Nurse Practitioner Fellowship & Residency Programs
Nurse practitioners graduate with either a Master of Science in Nursing (MSN) or a Doctor of Nursing Practice (DNP) degree. They must pass a national board certification exam and become licensed in the state in which they will practice. Unlike most physicians, nurse practitioners are currently not required to attend a formal residency program.
Residencies are a stage in clinical education where a nurse practitioner provides patient care under the supervision of either a physician or another nurse practitioner while being paid a salary. These days, physician residents typically earn $53,000 and $62,000 depending on their specialty (Medscape 2015). Average pay for nurse practitioner residents is unknown, but there is a glaring difference between the two types of programs: NP residencies lack federal funding from sources such as the Centers for Medicare, whereas physician residencies receive this support. This may change in coming years through advocacy efforts of people such as Dr. Margaret Flinter, who founded the country’s first NP residency program and established the basic design. NP residencies feature specialty clinical rotations, supervised hours, and opportunities to serve at partner clinics to diversify experience. As of August 2016, there were 38 of these programs nationwide (MedPage Today 2016).
Although residency programs are not required for nurse practitioners, new graduates may pursue them to enhance their abilities, strengthen their resume, or learn a new subspecialty. Often the term ‘residency’ refers to programs designed to improve skills and seek board certification, while a ‘fellowship’ is designed to teach a subspecialty. Since these programs are relatively new and are still being developed for NPs, there’s still some debate in the NP community over the use of these terms.
Semantics aside, nurse practitioner residencies and fellowships are becoming increasingly popular as hospitals attempt to attract top talent. Below you’ll find a list of nurse practitioner residency programs organized by specialty.
Primary Care & Family Health
- Capital Health (New Jersey)
Gastroenterology & Hepatology
Dr. Melissa DeCapua, DNP, PMHNP-BC
Melissa DeCapua is a board-certified psychiatric nurse practitioner who graduated from Vanderbilt University. She has a background in child and adolescent psychiatry as well as psychosomatic medicine. Uniquely, she also possesses a bachelor’s degree in studio arts, which she uses to enhance patient care, promote the nursing profession, and solve complex problems. Melissa currently works as the Healthcare Strategist at a Seattle-based health information technology company where she guides product development by combining her clinical background and creative thinking. She is a strong advocate for empowering nurses, and she fiercely believes that nurses should play a pivotal role in shaping modern health care. For more about Melissa, check out her blog www.melissadecapua.com and follow her on Twitter @melissadecapua.
- 1 What is Culturally Competent Care?
- 2 Scope of Practice vs Practice Authority
- 3 Which Online NP Programs Have Summer Starts (June, July)?
28 December 2018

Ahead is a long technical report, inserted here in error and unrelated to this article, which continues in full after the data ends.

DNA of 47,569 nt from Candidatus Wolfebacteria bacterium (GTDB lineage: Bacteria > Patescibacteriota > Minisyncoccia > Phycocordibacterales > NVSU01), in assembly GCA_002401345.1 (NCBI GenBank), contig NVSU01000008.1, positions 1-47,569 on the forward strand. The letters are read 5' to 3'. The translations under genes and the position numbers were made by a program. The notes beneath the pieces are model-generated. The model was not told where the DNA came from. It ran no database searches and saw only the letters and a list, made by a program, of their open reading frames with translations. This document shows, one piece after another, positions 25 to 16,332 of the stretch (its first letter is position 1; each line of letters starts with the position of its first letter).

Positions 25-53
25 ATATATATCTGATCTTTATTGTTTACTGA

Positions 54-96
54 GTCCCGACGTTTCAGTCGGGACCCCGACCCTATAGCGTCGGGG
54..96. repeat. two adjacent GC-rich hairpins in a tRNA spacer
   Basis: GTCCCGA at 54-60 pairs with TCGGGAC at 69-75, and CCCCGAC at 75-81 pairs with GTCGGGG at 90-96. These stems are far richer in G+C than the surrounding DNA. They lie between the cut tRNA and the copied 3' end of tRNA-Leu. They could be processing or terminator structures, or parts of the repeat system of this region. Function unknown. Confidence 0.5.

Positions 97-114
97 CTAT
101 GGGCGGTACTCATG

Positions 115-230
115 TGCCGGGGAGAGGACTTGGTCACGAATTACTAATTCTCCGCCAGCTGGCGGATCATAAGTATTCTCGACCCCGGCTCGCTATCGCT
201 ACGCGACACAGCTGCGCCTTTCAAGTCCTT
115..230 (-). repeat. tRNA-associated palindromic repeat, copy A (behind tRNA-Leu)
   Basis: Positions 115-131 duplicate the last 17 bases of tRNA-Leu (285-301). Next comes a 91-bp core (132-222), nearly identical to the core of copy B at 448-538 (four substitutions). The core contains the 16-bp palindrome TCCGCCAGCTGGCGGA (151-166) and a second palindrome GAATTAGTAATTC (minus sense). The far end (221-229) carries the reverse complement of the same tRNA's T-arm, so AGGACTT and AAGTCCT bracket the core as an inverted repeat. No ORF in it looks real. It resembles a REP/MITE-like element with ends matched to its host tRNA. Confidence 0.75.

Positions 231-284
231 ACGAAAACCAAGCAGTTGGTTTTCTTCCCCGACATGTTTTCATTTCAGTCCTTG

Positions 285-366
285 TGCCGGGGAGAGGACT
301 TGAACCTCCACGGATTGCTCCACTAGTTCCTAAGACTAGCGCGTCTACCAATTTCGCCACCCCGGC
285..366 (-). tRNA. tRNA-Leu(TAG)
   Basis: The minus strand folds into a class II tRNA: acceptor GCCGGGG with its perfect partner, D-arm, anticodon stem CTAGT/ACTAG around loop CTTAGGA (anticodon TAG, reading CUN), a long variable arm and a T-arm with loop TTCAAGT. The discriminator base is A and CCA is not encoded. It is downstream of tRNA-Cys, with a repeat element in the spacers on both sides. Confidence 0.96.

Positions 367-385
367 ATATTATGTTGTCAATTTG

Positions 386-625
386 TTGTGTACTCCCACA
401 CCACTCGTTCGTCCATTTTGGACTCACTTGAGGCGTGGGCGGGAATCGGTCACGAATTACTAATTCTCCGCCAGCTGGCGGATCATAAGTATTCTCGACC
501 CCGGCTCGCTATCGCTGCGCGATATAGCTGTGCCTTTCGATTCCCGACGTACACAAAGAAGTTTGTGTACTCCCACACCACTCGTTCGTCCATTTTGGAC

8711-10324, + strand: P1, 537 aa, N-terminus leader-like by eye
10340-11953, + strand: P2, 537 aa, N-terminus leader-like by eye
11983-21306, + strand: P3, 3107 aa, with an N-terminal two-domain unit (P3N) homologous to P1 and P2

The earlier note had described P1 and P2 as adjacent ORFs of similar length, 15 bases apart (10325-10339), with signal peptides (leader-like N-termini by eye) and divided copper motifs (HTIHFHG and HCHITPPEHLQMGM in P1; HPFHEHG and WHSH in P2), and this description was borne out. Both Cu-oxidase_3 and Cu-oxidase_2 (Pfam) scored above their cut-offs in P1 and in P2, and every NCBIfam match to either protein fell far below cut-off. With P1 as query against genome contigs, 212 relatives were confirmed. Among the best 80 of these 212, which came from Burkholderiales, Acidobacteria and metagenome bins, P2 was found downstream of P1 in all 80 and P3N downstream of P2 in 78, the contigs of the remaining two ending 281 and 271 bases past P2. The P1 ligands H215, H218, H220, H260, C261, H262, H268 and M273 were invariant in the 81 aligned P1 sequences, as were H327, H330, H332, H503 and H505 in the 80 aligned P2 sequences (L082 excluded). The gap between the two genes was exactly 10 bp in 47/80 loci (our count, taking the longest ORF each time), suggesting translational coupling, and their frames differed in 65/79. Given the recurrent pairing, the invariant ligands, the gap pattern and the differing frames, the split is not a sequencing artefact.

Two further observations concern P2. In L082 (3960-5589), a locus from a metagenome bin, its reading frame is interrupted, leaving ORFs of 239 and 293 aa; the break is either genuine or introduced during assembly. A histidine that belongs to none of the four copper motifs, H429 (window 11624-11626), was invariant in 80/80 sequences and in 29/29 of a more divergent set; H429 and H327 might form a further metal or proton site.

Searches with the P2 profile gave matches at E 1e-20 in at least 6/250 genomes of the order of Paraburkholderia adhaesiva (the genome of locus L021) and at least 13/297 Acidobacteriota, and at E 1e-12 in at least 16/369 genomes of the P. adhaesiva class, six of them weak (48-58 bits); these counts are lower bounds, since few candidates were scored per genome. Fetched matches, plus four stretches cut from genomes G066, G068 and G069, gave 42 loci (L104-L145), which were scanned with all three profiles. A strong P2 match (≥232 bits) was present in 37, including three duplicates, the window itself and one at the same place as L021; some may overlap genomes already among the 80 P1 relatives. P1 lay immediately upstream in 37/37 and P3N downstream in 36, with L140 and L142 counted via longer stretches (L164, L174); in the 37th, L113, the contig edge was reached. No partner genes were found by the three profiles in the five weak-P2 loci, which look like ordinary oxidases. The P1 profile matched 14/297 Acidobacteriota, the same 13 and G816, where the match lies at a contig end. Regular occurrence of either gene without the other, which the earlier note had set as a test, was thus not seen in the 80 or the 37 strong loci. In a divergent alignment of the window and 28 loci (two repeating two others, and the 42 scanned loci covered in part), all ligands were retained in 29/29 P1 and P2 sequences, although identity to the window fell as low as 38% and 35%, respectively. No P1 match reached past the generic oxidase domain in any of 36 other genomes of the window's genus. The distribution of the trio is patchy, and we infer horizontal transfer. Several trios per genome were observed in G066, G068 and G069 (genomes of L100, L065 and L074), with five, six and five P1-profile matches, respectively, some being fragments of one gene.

A lack of access to primary care in the United States is one of the key reasons why the Commonwealth Fund ranks the U.S. as having the worst healthcare system in the affluent world. Looking to the future, the impending primary care provider shortage indicates that this problem is only to going to intensify, particularly in the South and Midwest.
13 December 2018
Given the overwhelming evidence that NPs provide cost-effective, safe healthcare for their patients, it’s time for Oklahoma to disabuse itself of unnecessary practice restrictions so that NPs can help alleviate the looming primary care provider shortage.
25 October 2018
As a shortage of primary care providers looms on our collective horizon, lack of access to primary care has the potential to get much worse. And, unfortunately, the South is going to be the most heavily impacted.
12 October 2018
Nursing has always been a female-driven profession, and male nurses are often the butt of jokes on television and in movies, from Meet the Parents to Friends. That said, the gender roles are softening and there has been a recent upswing in the number of men joining this high-growth career field.
08 October 2018
Primary care is vital to a healthy, thriving population, and essential to a healthcare system that hopes to deliver efficient, cost-effective, and high-quality care to all. The Commonwealth Fund ranks the United States healthcare system last out of those of ten other high-income countries in the world.
26 September 2018
Nurse practitioners play an important role in healthcare. These licensed clinicians have furthered their education and skills to provide specialized care to their patients. Some nurse practitioners have a particular interest in working with vulnerable populations and have gone above and beyond to serve these groups.
22 August 2018
Nurse practitioners such as Dr. Hemmer are justifiably frustrated with the practice conditions within Missouri. It’s no surprise that many NPs finishing their studies choose to practice in other states where it’s easier (and more lucrative) to go into business as a relatively independent healthcare provider.
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